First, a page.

"Stamped from the Beginning is a history of how racist ideas are built, and how they are built to last. Understanding this history is essential if we want to have any hope of progress. This book will forever change the way we think about race."
—Touré, MSNBC contributor and author of Who's Afraid of Post-Blackness
"Kendi's provocative egalitarian argument combines prodigious reading and research with keen insights into the manipulative power of racist ideologies that suppress the recognition of diversity. This is a must for serious readers of American history, politics, or social thought."
"Stamped from the Beginning delivers a timely and bold corrective to the history of racist and anti-racist ideas that explodes our understanding of the root of anti-black violence as we know it today. Kendi's deft analysis of key thinkers from Cotton Mather to Angela Davis illustrates how racial thought, specifically debates about racial difference, take shape across space and time and influence racial policies and the persistence of racial discrimination. This book is a must read for those interested in working to unearth the foundational ideas and practices that hinder true racial progress."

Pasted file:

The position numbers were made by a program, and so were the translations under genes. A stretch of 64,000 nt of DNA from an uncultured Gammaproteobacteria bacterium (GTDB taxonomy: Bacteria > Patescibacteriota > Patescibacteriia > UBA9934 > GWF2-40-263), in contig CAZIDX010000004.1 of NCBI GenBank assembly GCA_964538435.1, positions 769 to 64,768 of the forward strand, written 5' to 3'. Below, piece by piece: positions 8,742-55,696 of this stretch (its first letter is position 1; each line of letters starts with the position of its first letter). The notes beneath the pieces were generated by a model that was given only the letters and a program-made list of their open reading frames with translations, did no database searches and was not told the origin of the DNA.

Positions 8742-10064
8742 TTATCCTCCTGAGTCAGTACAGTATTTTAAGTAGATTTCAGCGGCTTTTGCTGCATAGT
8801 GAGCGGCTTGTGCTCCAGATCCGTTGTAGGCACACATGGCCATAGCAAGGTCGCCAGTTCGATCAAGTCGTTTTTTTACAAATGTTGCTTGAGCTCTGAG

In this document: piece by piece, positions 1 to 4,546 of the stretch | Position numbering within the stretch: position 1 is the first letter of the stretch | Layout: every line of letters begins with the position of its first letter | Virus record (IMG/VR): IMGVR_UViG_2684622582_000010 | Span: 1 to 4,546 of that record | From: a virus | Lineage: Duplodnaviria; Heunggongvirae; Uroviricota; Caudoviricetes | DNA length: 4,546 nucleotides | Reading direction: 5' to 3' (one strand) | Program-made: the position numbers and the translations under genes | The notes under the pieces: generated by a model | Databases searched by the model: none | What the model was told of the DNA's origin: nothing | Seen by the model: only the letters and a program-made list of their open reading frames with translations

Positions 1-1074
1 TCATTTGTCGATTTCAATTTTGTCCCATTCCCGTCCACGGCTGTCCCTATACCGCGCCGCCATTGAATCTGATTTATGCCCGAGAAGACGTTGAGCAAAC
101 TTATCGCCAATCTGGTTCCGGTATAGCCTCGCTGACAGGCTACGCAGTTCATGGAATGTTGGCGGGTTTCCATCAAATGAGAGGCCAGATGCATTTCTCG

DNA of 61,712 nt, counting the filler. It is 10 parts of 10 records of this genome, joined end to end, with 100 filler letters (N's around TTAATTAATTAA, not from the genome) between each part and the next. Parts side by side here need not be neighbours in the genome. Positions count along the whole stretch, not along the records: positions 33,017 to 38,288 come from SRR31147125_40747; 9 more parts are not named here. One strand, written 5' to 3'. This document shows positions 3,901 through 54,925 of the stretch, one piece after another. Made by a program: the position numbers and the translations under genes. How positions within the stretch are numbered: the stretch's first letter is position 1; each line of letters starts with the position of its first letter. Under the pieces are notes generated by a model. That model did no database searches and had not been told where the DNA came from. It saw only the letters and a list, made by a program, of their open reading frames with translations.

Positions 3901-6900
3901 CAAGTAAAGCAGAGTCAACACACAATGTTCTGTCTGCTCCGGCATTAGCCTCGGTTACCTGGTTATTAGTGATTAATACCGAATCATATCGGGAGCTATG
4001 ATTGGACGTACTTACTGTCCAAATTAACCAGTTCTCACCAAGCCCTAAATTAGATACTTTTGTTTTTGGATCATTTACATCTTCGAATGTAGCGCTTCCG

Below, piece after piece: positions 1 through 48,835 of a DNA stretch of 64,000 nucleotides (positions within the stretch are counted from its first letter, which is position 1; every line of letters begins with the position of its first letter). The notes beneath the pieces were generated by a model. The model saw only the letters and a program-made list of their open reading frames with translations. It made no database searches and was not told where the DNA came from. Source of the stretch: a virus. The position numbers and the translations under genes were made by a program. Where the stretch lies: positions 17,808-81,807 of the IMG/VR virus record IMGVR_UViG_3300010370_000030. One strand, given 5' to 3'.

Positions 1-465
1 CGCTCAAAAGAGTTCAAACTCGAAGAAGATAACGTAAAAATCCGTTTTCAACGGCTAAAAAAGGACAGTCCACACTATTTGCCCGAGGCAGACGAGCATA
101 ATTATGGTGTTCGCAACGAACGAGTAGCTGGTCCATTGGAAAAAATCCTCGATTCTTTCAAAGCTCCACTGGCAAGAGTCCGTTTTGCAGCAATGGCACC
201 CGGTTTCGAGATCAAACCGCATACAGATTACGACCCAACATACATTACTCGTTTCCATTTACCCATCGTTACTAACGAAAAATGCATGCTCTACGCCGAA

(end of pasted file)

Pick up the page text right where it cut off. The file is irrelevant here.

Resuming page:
—Keisha-Khan Y. Perry, Associate Professor, Brown University, and author of Black Women against the Land Grab: The Fight for Racial Justice in Brazil
"Kendi upends many commonly held beliefs about how racism works, exploring the ideas and thinkers behind our most intractable social and cultural problem."
—The Boston Globe